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These packages are excluded from Fedora repositories for legal reasons. The only way to install them is to use third-party repositories like RPM Fusion or building from source.

Fedora docs states that:

Software patents apply to some of the packages in RPM Fusion, and as a consequence, it might not be legal to install these packages in certain countries.

How can I get in trouble by installing a open source or free (FSF) software package? Is this because the idea of an opensource software might be patented? What about developers of that software? What about package maintainers, why patent does not affect them?

Is there any version of these packages shipped without patented codecs? What happens if I install them in a country not affected by patents and then move to an effected one?

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A patent is a temporary legal monopoly on an invention, which grants to the holder the legal right to exclude others from making, using, selling, offering for sale, and/or importing that invention (source) or anything which embodies it. In most countries, the concept of "invention" now unfortunately includes ideas expressed in software.

How can I get in trouble by installing a open source or free (FSF) software package? Is this because the idea of an opensource software might be patented?

Nearly; it's because the free software might embody one or more inventions which are covered by a live patent. However, in practice you're unlikely to get into trouble; see below.

What about developers of that software? What about package maintainers, why patent does not affect them?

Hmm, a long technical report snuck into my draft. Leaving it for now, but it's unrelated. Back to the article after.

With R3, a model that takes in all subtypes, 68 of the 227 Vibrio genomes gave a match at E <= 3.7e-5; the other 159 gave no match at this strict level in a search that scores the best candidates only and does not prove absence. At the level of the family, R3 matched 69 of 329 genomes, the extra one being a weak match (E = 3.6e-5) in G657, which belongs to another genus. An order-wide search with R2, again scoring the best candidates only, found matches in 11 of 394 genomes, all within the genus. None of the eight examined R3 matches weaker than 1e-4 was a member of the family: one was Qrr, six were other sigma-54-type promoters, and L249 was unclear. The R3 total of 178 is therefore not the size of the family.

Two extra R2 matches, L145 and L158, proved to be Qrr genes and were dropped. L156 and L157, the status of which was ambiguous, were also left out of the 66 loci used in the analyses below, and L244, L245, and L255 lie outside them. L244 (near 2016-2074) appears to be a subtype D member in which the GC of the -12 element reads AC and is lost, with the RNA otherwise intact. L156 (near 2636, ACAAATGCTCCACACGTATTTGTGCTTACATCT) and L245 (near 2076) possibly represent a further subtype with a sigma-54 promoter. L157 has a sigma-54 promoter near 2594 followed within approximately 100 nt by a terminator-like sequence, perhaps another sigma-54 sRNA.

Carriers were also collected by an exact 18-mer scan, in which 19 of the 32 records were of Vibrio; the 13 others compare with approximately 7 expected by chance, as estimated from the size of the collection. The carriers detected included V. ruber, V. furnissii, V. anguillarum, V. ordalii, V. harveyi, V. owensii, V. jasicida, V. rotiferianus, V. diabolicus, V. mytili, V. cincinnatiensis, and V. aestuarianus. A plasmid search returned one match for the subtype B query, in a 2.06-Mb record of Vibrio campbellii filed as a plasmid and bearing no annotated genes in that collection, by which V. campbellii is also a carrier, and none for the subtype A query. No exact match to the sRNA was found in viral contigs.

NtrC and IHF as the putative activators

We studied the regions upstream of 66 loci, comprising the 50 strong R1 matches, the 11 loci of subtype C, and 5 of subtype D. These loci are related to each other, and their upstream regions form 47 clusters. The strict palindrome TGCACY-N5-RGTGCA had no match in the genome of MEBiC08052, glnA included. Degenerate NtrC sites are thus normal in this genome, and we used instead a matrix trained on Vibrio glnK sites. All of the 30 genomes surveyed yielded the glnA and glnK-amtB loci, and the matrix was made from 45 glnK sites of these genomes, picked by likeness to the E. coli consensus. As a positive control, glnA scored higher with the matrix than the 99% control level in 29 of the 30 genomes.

In brief, it does; however, patent lawsuits are notoriously expensive. That's fine if you're suing a big company with deep coffers, as if you win you'll likely get your costs covered. If you're suing Fiona Q. Hacker for publishing some code on gitlab, then even if you win and get a costs award, odds are you'll never recover the money. Meanwhile, seventy-three people will have forked her repo and be publishing similarly-infringing code. That's not to say the occasional patent troll doesn't pump out cease-and-desist letters to poor starving free software developers, but it's not that common, because it's not very effective. Big companies involved in free software, however, are very careful not to knowingly violate existing patents.

Is there any version of these packages shipped without patented codecs?

That's package-specific, but in some cases it's effectively impossible, because the software exists solely to implement a patent-encumbered standard. The tendency of international standards bodies to standardise on patented technologies whilst only requiring the patent to be licensed on reasonable and non-discriminatory terms doesn't help. (To be clear, I would prefer to see bodies like W3C and the ITU mandate that anyone applying for a technology to be standardised agree to abandon any patents they hold on it if the application was approved).

What happens if I install them in a country not affected by patents and then move to an effected one?

Patents include the right to control import, so that's a no-no.

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